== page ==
The writings of Catholic moral theologians on abortifacient contraception are often lack readily-available information on the medical aspects of this topic, including varying rates of break-through ovulation, health benefits and risks, and the percent risks of an abortifacient event. Some physicians and researchers have used their knowledge to write articles on the ethics of abortifacient contraception. But moral theologians usually present a sparse sampling of the relevant medical information. I’m working on a book that addresses these medical aspects of abortifacient contraception, in great detail. For now, here’s a brief article.
Chemical contraceptives are abortifacient; they are capable of causing the death of the developing human embryo subsequent to conception (fertilization). This type of abortifacient event — the post-fertilization loss of the prenatal human person — is not rare. Based on the analysis in my forthcoming book, the number of abortifacient losses of prenatals from all forms of abortifacient contraception is several times higher than the loss of life due to medical and surgical abortions, worldwide.
For oral contraceptives (OCs) specifically, abortifacient events are not uncommon. The process begins with break-through ovulation (BTO), which is the failure of the OC to do what it is designed to do: prevent the release of the ovum (egg). When break-through ovulation occurs, fertilization is a possibility. The odds of fertilization is based a number of factors, including the frequency of sexual intercourse. OCs are not very effective in their post-ovulation, pre-fertilization mechanisms of action (e.g. thickening cervical mucus).
There are two types of OCs, POPs (progestogen-only pills), which contain only a progestin, and COCs (combined oral contraceptives), which contain a progestin and an estrogen. The only widely-available POP in the U.S. today is NET (norethindrone), which has a high break-through ovulation rate: 34.9% per cycle (based on pooled data from a set of studies). The previous generation POP, which contains LNG, has a higher BTO rate: 65.5% per cycle.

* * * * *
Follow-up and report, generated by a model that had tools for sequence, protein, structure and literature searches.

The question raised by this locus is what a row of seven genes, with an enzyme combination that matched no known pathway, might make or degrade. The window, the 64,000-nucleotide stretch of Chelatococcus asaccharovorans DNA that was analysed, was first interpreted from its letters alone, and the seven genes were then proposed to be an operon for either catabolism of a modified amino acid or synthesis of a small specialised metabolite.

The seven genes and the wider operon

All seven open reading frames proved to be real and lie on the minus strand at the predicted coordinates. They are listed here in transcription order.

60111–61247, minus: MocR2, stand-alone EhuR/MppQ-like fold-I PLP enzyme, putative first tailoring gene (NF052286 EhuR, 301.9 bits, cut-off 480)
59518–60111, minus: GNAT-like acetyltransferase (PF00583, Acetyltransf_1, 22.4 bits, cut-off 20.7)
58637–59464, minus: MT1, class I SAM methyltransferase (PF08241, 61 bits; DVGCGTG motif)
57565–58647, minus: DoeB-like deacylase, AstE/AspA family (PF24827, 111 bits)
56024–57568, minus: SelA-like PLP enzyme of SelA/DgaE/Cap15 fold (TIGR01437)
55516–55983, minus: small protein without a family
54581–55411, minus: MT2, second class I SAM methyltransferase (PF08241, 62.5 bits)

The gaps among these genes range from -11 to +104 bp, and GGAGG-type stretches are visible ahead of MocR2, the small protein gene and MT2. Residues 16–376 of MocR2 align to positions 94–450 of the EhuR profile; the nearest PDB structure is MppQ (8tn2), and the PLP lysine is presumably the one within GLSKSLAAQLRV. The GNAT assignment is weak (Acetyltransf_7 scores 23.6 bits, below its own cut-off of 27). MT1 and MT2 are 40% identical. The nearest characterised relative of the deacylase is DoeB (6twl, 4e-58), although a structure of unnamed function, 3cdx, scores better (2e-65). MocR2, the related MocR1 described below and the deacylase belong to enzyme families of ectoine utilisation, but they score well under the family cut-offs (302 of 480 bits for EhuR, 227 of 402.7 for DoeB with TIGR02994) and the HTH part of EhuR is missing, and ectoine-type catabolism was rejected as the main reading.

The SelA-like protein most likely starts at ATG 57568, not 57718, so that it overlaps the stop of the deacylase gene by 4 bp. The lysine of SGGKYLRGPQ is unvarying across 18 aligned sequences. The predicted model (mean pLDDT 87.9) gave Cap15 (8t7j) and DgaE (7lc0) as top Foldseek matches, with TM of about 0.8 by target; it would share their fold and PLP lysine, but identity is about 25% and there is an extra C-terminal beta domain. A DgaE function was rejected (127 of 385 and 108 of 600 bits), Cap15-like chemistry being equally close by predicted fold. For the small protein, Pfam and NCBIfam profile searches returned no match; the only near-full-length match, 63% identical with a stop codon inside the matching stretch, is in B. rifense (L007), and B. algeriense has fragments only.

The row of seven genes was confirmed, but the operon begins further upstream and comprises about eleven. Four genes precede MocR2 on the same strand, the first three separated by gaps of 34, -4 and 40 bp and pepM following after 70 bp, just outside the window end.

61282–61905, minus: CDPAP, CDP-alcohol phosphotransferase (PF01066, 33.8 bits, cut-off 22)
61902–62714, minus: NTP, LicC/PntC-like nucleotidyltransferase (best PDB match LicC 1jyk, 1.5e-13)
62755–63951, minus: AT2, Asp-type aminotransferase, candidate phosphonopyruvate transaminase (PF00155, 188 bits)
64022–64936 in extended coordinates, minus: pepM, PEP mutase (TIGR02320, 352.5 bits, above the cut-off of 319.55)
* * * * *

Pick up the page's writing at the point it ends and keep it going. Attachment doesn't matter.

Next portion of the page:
The average number of cycles per year is 12.8. So a break-through ovulation rate per cycle of 34.9% becomes a per year rate of about 447%. This implies, on average, 4 or 5 break-through ovulations. That is 4 or 5 chances for conception and an abortifacient loss to occur every year. (Note that data from medical studies on this topic are always approximations, no matter how many data points are used.)
COCs have lower break-through ovulation rates. But the most common types of COCs (second generation progestins) have yearly break-through ovulation rates ranging from 28 to 110% — with perfect use. Perfect use mean taking the pill every day, at about the same time of day, and not taking any medications that interfere with OCs (antibiotics, antifungals, etc.). Also, vomiting or diarrhea can interfere with the absorption of the pill, making it less effective.